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  1. Free, publicly-accessible full text available December 28, 2022
  2. Spiking neural networks are viable alternatives to classical neural networks for edge processing in low-power embedded and IoT devices. To reap their benefits, neuromorphic network accelerators that tend to support deep networks still have to expend great effort in fetching synaptic states from a large remote memory. Since local computation in these networks is event-driven, memory becomes the major part of the system's energy consumption. In this paper, we explore various opportunities of data reuse that can help mitigate the redundant traffic for retrieval of neuron meta-data and post-synaptic weights. We describe CyNAPSE, a baseline neural processing unit and itsmore »accompanying software simulation as a general template for exploration on various levels. We then investigate the memory access patterns of three spiking neural network benchmarks that have significantly different topology and activity. With a detailed study of locality in memory traffic, we establish the factors that hinder conventional cache management philosophies from working efficiently for these applications. To that end, we propose and evaluate a domain-specific management policy that takes advantage of the forward visibility of events in a queue-based event-driven simulation framework. Subsequently, we propose network-adaptive enhancements to make it robust to network variations. As a result, we achieve 13-44% reduction in system power consumption and 8-23% improvement over conventional replacement policies.« less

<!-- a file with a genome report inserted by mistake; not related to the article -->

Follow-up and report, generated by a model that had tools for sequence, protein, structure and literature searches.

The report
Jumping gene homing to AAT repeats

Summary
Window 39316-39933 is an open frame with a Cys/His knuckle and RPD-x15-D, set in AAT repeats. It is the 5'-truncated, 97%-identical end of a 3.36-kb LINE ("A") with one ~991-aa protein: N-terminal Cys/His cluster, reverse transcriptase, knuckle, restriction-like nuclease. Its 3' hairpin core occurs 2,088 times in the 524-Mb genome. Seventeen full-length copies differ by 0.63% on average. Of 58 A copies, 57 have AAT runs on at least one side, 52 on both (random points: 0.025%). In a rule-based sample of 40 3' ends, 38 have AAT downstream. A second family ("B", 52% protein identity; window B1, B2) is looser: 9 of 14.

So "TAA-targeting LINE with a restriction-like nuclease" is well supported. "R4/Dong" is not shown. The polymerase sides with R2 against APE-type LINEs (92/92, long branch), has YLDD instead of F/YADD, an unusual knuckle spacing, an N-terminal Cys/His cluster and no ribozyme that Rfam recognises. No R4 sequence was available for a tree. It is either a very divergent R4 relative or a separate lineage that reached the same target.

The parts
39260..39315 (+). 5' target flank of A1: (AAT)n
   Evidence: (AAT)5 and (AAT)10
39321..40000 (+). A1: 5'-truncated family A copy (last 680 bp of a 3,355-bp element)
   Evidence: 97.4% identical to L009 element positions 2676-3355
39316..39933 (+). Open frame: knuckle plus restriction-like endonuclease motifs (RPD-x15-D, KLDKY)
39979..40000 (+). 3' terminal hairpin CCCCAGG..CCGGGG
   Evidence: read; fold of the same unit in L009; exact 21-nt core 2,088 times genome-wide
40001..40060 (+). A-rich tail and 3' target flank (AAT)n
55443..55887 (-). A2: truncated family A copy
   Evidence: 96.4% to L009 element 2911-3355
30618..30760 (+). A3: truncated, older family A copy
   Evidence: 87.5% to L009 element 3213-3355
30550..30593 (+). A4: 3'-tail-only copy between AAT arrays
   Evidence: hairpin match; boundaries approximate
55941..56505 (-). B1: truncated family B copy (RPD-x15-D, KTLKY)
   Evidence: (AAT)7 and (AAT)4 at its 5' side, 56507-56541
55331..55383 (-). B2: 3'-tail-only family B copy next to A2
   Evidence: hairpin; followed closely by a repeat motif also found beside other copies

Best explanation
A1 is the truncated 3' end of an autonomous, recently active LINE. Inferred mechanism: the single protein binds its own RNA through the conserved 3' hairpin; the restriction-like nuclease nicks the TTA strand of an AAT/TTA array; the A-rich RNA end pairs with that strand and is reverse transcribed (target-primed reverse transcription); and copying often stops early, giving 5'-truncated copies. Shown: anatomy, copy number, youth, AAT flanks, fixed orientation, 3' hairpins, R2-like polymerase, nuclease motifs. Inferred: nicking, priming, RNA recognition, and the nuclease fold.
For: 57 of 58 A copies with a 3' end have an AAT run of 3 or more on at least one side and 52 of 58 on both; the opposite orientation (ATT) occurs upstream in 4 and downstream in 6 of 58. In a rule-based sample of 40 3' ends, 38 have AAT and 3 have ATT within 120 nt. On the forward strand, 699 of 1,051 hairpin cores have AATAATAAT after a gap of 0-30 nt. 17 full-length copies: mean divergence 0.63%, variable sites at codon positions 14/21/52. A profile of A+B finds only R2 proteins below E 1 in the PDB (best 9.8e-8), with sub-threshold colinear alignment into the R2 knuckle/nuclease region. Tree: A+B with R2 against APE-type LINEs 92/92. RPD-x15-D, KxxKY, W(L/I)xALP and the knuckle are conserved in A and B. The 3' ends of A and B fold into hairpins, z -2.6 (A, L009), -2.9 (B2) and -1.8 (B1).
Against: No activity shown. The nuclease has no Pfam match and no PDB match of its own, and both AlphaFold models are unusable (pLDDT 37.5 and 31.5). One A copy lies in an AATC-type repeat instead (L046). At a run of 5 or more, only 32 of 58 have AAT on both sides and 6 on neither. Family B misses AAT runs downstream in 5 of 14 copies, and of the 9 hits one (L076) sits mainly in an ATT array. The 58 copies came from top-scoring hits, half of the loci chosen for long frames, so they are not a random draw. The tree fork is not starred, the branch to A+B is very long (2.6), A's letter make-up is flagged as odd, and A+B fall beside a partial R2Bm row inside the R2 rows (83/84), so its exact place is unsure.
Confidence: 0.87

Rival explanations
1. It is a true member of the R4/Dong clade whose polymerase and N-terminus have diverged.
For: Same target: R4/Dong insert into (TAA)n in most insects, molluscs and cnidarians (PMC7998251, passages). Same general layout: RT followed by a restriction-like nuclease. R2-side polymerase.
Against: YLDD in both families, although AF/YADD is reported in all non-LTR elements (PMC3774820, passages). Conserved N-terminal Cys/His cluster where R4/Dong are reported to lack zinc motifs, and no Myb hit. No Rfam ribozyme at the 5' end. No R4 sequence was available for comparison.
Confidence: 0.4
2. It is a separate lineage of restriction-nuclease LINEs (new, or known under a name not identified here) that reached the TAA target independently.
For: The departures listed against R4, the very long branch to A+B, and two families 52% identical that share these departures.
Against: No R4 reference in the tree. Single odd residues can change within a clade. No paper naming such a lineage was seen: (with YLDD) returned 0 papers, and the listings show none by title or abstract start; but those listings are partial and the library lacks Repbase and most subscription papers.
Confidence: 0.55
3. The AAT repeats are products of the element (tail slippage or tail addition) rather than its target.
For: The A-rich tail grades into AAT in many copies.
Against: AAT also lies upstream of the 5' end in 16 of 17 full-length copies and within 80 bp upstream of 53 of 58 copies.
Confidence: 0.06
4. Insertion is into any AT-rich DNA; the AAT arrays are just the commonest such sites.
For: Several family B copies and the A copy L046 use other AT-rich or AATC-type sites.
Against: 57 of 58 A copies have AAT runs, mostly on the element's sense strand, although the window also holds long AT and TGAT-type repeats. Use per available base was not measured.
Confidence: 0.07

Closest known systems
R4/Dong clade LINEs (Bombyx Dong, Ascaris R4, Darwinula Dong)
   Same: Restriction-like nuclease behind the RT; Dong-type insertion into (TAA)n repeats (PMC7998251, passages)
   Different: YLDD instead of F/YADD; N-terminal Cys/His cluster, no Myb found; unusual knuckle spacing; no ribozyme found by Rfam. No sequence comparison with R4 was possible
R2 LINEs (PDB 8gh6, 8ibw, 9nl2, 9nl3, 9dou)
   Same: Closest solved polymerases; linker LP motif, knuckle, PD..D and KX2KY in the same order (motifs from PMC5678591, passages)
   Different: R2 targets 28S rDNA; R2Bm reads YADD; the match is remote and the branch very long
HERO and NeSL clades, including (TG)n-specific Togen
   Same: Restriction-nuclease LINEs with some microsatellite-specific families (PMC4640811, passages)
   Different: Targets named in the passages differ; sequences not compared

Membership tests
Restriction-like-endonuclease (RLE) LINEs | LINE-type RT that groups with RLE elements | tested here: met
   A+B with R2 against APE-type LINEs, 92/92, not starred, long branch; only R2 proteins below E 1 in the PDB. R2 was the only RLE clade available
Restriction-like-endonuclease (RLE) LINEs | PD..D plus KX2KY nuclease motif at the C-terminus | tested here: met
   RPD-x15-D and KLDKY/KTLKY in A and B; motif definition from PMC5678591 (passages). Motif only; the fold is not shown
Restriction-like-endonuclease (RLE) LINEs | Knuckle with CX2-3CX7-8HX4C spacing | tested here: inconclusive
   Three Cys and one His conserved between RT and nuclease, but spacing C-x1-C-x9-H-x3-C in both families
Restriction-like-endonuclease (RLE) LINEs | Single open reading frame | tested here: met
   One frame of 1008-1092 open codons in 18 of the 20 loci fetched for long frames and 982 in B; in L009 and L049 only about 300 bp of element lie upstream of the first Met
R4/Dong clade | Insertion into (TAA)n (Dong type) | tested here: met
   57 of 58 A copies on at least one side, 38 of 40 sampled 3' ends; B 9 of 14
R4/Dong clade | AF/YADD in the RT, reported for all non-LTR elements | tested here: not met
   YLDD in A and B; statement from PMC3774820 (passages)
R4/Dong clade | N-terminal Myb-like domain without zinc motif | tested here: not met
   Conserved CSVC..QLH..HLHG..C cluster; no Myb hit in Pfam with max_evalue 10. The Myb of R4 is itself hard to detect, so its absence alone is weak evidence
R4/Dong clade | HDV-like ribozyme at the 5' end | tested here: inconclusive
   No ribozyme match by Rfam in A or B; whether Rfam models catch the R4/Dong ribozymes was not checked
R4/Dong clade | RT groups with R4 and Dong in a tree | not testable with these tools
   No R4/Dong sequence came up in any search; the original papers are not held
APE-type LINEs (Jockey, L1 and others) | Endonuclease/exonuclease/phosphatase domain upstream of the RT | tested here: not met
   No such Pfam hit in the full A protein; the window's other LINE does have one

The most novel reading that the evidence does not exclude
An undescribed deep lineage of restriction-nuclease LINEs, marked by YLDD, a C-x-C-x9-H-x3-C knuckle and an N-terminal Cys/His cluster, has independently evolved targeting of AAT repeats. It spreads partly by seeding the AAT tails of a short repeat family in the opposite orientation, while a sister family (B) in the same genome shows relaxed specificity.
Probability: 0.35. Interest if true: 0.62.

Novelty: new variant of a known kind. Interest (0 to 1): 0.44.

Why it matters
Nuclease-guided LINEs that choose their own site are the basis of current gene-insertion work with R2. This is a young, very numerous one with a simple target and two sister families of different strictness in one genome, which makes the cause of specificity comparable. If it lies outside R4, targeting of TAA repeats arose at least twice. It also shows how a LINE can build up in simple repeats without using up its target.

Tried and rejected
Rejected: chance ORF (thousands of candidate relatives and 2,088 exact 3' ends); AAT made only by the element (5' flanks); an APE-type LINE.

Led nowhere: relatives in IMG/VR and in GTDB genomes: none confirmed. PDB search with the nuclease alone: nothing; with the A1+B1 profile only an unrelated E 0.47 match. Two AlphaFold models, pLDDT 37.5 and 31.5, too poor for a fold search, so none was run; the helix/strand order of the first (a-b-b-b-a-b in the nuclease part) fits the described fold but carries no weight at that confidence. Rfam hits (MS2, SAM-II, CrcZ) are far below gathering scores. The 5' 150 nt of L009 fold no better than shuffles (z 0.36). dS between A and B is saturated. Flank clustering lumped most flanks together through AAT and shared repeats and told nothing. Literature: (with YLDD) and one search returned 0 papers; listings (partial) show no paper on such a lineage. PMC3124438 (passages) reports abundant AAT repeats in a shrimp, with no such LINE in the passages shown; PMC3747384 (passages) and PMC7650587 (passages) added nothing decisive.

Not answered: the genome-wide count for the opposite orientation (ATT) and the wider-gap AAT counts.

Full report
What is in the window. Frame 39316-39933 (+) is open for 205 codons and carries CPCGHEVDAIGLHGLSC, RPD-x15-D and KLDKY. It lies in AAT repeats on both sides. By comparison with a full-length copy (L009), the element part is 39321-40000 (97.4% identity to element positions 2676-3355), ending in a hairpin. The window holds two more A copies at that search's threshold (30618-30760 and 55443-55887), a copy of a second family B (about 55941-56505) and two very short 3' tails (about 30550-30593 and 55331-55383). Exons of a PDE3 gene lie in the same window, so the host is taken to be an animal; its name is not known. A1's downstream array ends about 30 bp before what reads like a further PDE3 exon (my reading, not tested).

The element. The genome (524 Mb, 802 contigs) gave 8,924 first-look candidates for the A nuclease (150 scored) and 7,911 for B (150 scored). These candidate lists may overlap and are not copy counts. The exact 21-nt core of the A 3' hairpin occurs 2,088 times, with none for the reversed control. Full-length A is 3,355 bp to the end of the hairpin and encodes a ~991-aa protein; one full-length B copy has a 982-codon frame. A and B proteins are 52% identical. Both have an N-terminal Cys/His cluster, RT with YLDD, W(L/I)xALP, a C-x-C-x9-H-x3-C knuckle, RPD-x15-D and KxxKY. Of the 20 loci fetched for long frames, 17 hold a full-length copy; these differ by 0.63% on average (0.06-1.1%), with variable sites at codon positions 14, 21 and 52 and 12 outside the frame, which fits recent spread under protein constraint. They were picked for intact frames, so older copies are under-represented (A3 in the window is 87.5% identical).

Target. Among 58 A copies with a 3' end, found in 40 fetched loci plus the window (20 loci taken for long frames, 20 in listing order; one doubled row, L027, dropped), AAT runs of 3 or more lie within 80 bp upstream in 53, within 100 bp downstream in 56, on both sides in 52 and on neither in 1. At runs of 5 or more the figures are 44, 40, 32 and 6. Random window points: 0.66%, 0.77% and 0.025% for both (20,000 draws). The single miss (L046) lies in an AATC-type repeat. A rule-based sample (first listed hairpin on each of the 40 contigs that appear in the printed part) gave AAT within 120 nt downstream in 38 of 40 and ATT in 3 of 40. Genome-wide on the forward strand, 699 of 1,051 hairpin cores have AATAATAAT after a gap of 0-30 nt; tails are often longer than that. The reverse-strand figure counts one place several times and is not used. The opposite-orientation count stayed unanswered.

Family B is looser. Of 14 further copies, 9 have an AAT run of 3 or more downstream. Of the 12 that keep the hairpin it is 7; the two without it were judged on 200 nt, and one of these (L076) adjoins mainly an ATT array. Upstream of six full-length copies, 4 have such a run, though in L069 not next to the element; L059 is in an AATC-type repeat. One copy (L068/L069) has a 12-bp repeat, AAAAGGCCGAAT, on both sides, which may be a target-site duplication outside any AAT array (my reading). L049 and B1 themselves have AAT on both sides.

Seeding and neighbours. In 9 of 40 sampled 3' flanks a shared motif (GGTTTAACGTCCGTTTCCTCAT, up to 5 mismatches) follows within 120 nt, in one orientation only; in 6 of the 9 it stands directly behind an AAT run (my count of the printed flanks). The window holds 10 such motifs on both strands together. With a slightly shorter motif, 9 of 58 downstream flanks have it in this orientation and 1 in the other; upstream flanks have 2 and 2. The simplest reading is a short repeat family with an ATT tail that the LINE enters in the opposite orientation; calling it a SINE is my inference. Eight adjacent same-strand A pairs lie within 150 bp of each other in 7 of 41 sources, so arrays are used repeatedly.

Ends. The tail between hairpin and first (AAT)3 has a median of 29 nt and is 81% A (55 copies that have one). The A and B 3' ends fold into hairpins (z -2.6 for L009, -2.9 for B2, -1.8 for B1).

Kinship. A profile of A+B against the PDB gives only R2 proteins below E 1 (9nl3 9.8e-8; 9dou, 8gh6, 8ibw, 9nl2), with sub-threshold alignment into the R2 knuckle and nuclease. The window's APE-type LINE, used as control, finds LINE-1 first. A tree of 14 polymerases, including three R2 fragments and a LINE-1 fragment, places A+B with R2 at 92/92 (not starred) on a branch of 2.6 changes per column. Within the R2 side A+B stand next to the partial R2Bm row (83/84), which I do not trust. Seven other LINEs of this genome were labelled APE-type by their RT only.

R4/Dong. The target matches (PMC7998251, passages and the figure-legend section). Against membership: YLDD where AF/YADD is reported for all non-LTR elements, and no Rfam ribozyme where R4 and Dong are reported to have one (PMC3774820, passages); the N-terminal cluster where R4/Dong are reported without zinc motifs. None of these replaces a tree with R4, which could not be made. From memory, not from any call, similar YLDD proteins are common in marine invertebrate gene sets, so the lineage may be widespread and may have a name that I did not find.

3. Abstract The accurate simulation of additional interactions at the ATLAS experiment for the analysis of proton–proton collisions delivered by the Large Hadron Collider presents a significant challenge to the computing resources. During the LHC Run 2 (2015–2018), there were up to 70 inelastic interactions per bunch crossing, which need to be accounted for in Monte Carlo (MC) production. In this document, a new method to account for these additional interactions in the simulation chain is described. Instead of sampling the inelastic interactions and adding their energy deposits to a hard-scatter interaction one-by-one, the inelastic interactions are presampled, independent of the hardmore »scatter, and stored as combined events. Consequently, for each hard-scatter interaction, only one such presampled event needs to be added as part of the simulation chain. For the Run 2 simulation chain, with an average of 35 interactions per bunch crossing, this new method provides a substantial reduction in MC production CPU needs of around 20%, while reproducing the properties of the reconstructed quantities relevant for physics analyses with good accuracy.« less
    Free, publicly-accessible full text available December 1, 2023